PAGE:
“The Maroons and Tainos were the first to consolidate freedom, equality and justice in the hills of Jamaica, demonstrating a new way to live in resistance to slavery and put Jamaica on the road to freedom and democracy,” he said.
Much of the meeting focused on the Maroons and strengthening their unity and advocating for their rights, which the source said, is one of the reasons to believe “there is something brewing in the alignment with the AIDO network”.
In addition, several members of the Caricom Reparations Commission, chaired by Prof Beckles, are also members of the AIDO network.
Discussions centred around “sovereignty, legitimacy, and authority, with a passionate and restorative justice-centred plea to recognise the Maroons’ inalienable human rights”.
Interestingly, Paramount Chief of the Sovereign State of Accompong, Jamaica, Richard Currie, who has been installed as Papa Odwe II in the AIDO Network, urged recognition of the authority of the Accompong Maroon Community as well as their inalienable human rights, and the responsibility to ensure representation for all indigenous people in conversations about the new Jamaica.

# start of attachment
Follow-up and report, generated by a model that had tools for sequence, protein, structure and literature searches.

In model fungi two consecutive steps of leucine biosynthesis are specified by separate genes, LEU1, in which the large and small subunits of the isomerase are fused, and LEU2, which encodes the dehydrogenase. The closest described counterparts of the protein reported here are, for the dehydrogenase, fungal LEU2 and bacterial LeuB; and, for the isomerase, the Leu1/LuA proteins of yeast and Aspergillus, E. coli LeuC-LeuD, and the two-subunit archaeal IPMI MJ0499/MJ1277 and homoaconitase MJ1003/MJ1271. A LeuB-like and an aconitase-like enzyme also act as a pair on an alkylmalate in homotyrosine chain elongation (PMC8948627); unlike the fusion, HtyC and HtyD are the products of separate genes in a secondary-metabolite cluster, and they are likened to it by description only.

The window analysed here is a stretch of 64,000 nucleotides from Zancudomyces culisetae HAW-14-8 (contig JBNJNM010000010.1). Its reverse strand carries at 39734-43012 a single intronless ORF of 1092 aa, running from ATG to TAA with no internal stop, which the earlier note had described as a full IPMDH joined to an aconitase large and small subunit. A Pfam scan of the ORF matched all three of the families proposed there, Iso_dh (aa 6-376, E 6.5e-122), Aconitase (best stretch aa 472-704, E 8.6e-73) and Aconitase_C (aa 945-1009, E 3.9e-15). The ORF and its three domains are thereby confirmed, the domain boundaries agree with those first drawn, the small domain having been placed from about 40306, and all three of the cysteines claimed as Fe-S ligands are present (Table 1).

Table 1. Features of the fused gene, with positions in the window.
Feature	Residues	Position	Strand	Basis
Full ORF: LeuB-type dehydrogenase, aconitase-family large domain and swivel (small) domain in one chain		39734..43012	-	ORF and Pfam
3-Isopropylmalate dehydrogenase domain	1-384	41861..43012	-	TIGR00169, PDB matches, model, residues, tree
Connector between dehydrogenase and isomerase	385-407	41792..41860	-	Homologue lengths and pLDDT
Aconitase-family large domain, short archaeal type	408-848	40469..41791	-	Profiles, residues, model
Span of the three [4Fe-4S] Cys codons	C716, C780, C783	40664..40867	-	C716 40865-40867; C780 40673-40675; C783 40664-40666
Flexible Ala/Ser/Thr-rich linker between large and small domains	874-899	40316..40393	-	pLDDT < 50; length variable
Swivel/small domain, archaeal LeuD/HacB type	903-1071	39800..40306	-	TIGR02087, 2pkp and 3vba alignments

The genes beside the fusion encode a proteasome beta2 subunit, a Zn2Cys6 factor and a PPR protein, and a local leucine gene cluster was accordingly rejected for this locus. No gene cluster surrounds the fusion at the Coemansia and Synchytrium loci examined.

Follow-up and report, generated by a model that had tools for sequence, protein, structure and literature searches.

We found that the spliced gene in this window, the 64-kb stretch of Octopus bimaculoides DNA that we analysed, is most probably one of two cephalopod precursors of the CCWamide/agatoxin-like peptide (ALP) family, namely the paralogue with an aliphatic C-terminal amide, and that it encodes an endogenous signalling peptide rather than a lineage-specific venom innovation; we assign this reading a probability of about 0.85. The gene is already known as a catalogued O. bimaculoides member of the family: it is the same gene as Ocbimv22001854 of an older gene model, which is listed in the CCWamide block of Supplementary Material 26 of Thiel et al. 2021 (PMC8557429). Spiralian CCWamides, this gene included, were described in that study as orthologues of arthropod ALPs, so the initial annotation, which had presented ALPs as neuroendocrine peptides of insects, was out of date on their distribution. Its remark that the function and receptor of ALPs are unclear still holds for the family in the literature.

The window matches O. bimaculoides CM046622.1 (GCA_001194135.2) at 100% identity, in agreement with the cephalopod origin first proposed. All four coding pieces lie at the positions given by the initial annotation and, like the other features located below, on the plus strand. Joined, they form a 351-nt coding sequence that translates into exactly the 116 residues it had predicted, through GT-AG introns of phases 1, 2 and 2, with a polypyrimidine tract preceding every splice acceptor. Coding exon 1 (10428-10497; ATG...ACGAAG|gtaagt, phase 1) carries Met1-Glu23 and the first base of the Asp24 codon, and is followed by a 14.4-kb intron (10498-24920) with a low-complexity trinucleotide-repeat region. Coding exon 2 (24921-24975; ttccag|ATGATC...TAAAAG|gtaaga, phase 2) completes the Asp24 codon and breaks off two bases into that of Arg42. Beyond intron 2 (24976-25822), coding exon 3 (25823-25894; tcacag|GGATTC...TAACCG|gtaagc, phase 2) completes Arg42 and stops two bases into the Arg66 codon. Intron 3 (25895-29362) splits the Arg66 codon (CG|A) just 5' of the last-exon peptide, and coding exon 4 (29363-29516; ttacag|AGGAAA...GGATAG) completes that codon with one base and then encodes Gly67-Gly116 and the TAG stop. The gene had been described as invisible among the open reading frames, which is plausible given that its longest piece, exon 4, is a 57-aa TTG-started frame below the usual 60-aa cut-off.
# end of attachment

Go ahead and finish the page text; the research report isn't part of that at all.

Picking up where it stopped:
Of note is that the meeting was said to be attended also by the Paramount Chieftainess and Queen of the Maroons Gamaang Gloria Simms who has been previously harshly criticised by Currie, a sign that rapprochement is being sought.
Discussions also highlighted the need for the inclusion of the Maroon communities in processes for constitutional reform, international recognition, actionable deliverables, and creative interventions for Jamaican governmental constitutional reform that respectfully and strategically include Maroon communities from inception moving forward.
The meeting agreed on follow-up initiatives and next steps, including organising a three-day symposium during 2024 at The UWI to highlight and document maroon history; advocacy for recognition of the Maroon’s pivotal place in Jamaica’s history and adequate consultation with the Maroons in the process of constitutional reform; launching a campaign to correct historical injustices with accurate refocusing and rebranding of the maroon legacy and narrative within Jamaican history.